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Sheffield as early as practicable ; but, I constitutional course, you chose at once to am sorry to say, that hitherto it has been
separate yourself from us ; for the formal impossible, and seems likely to continue resignation of your connexion with the SO.
Gold-Coast Mission cannot be regarded in The reasons assigned by him for the any other light than as a withdrawal from conclusion that it was not likely that he our body. If the principle were once ad. should visit Sheffield were, delay experi mitted, that an agent of the Society might enced at the Custom-house in the passing throw up, at pleasure, his connexion with of his luggage, and personal indisposition, any particular Mission, and then deliwhich he supposed would render it neces. berately choose his own time to return to sary that he should proceed to the north to this country and claim some other appointsee his friends.
ment from the Conference, the efficient Sympathy for Mr. Watson, on account
management of our widely-extended Misof his sudden indisposition, was produced sions would become an utter impossibility, by the receipt of this letter; but as he and their interests might be successively proposed to undertake a journey to the sacrificed by dissatisfied individuals. To north, it was confidently hoped that he this the Conference cannot consent; and would, at all events, be able to call at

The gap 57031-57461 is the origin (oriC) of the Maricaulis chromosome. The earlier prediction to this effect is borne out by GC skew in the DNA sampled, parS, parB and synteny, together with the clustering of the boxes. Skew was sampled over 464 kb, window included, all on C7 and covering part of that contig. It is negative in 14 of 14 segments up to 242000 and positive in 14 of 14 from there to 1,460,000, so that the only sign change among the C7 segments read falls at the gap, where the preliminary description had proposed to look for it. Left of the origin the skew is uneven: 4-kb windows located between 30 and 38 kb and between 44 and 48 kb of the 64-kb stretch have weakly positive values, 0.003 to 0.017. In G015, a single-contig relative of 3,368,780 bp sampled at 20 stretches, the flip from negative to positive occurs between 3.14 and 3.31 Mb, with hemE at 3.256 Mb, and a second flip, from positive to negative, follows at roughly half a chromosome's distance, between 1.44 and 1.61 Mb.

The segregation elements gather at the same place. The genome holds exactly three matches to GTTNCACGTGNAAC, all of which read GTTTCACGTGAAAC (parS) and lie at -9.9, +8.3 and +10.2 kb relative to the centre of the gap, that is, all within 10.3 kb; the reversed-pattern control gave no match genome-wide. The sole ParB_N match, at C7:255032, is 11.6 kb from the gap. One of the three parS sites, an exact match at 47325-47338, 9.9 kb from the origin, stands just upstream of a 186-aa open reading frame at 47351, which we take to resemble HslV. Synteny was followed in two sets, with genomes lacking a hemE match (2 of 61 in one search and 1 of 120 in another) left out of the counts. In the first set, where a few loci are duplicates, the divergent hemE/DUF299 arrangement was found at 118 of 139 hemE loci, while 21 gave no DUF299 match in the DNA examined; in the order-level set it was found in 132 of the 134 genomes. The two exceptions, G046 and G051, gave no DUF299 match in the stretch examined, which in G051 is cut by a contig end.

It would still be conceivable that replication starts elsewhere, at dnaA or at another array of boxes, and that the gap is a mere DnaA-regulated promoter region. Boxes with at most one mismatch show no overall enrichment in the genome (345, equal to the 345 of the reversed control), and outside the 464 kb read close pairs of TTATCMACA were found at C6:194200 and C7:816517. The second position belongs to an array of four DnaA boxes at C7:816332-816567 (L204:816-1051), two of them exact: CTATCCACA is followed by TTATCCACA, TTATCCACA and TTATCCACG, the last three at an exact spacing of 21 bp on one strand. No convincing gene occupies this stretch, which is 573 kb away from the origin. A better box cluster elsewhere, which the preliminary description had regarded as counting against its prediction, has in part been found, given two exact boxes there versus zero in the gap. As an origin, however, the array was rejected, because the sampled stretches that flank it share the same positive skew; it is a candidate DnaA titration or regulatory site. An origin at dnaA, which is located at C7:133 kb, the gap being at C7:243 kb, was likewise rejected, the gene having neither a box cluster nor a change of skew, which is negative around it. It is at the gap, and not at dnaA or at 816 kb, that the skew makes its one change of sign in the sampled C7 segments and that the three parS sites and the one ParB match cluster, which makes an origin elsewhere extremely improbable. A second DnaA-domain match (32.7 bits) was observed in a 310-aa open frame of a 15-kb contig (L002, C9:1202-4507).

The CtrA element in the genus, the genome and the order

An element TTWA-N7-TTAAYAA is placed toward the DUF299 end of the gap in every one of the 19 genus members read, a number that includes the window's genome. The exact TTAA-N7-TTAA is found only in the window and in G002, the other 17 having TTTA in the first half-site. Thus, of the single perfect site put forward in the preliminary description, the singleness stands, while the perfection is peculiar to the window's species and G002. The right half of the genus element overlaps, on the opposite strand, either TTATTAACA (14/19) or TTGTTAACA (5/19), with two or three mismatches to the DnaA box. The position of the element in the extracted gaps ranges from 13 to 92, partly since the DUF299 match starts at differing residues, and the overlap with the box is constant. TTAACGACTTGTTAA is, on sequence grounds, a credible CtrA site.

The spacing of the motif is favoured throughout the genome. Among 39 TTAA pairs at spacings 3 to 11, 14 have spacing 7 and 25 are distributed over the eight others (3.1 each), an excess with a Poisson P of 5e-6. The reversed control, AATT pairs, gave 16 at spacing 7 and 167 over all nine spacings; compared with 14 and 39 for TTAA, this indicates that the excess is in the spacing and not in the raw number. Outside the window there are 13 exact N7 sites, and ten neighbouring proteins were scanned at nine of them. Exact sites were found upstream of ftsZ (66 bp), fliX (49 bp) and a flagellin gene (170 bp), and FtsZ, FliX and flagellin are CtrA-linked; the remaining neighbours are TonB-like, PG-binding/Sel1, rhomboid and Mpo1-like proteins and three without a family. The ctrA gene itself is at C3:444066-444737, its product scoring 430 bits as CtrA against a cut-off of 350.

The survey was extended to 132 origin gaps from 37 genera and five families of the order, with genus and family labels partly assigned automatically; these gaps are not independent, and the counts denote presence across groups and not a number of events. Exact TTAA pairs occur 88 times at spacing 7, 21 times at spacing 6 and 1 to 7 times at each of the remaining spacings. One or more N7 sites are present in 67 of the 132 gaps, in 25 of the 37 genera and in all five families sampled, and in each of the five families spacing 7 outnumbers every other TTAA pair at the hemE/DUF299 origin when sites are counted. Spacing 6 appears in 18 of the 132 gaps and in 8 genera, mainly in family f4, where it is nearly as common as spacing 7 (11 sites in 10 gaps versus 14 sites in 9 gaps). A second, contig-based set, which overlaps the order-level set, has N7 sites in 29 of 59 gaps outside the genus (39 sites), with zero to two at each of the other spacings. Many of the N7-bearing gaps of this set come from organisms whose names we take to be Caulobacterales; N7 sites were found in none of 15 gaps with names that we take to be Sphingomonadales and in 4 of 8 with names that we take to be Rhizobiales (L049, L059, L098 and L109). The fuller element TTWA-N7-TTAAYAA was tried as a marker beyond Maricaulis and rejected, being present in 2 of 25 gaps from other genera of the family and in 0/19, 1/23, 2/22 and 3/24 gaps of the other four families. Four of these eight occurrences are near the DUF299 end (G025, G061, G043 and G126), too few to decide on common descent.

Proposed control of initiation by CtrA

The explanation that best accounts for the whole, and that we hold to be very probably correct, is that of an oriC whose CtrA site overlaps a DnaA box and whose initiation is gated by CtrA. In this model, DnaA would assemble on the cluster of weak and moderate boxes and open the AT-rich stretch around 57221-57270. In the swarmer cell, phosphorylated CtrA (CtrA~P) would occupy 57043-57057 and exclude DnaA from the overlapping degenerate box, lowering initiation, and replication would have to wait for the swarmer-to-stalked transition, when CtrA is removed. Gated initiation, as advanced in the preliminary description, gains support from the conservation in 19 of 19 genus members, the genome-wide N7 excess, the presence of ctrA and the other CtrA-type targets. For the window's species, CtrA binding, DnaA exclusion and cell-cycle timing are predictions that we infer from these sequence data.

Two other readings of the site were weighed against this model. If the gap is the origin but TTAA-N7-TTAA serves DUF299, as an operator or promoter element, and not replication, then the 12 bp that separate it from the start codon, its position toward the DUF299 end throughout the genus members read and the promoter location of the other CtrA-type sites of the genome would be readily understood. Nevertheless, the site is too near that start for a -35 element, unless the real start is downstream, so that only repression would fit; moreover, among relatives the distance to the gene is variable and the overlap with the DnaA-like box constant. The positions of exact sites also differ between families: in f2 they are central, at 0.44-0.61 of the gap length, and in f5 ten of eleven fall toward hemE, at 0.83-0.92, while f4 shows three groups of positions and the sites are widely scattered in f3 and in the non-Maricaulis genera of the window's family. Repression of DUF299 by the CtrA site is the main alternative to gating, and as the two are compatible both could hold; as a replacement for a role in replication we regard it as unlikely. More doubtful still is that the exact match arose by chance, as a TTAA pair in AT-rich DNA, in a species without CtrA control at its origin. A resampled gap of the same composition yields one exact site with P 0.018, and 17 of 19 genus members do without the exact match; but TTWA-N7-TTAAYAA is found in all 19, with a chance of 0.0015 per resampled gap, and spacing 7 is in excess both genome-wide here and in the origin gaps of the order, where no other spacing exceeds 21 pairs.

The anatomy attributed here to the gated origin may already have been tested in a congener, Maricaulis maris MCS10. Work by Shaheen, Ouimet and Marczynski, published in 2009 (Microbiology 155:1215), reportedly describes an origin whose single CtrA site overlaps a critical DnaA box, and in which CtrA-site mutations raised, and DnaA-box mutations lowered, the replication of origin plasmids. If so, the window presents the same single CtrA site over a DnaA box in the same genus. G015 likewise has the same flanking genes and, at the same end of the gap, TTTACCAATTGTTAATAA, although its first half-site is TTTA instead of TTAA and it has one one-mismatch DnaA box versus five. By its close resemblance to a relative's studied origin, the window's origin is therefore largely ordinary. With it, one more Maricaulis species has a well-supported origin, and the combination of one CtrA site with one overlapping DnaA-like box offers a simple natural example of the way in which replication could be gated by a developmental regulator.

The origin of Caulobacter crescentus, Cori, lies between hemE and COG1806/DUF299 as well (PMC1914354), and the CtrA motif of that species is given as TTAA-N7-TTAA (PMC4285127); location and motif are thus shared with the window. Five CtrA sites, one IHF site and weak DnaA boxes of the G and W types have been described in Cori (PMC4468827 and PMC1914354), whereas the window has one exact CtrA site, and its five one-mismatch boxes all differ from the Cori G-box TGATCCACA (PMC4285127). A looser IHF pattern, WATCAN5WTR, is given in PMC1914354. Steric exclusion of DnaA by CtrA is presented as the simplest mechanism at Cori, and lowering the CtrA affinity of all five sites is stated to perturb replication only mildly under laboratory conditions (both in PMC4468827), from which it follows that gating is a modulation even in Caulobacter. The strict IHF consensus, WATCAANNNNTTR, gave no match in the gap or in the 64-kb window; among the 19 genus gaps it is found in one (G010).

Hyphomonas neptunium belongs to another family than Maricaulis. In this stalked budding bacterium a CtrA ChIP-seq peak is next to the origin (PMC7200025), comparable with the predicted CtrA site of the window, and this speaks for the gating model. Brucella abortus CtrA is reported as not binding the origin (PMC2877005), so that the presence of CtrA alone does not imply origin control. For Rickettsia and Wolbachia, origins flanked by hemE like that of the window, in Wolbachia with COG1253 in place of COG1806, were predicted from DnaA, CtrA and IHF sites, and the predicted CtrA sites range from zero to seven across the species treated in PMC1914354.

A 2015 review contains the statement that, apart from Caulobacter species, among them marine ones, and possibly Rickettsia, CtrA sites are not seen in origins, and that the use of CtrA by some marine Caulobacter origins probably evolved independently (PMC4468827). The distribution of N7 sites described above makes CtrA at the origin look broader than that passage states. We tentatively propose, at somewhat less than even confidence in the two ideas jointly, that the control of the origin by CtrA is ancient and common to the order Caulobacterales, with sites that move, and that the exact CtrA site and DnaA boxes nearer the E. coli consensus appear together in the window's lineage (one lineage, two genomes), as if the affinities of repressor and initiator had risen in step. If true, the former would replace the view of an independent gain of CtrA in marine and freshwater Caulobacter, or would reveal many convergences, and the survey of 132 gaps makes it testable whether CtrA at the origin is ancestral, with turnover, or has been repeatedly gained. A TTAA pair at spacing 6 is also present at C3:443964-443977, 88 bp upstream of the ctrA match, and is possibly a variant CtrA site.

your name is accordingly struck off the Sheffield on his way, and secure an ar list of probationers, the Conference being rangement for bearing his “appeal" at unwilling to make any further trial of one some future opportunity, when he might who, as far as can be judged from docube sufficiently recovered to go into an mentary evidence, appears to have acted investigation of the whole case ; for he with so little regard to
our laws and well knew that, as he had, without permis usages. sion, or previous notice given to the Com " It is matter of regret that roa did not mittee, thrown up his connexion with the secure a personal hearing at the ConferGold-Coast Mission, on the ground that he
The consideration of your case had matters of complaint against Mr. was delayed until it was ascertained that Freeman, the Conference must, during you did not consider yourself well enough that very session, decide whether he should to attend; and in order that you may hare be intrusted with the management of a the fullest opportunity of vindicating your Mission-station elsewhere, or his name self, if you object to the decision which I should be dropped from the list of proba now communicate, you are at liberty to tioners. Mr. Watson, however, passed by appeal to the President of the Conference, Sheffield without so much as calling, or who will give you an opportunity of meetgiving any further intimation of his move. ing the Committee of Discipline, and es. ments ; and the Conference, just before plaining your proceedings at length. Any breaking up, adopted the conclusion that communications which you may have to make he could not any longer be regarded as an upon the subject, must be addressed to the agent of the Society, unless, however, on a President of the Conference, City-Road personal hearing, he should satisfactorily chapel, London, vindicate the course he had pursued.
“Be assured that the writing of this Almost immediately after his return to letter is to me an irksome duty. I had London, Mr. Beecham made known this hoped that you would become a respectdecision to Mr. Watson in the following able and useful Missionary." letter, dated August 29th, 1843: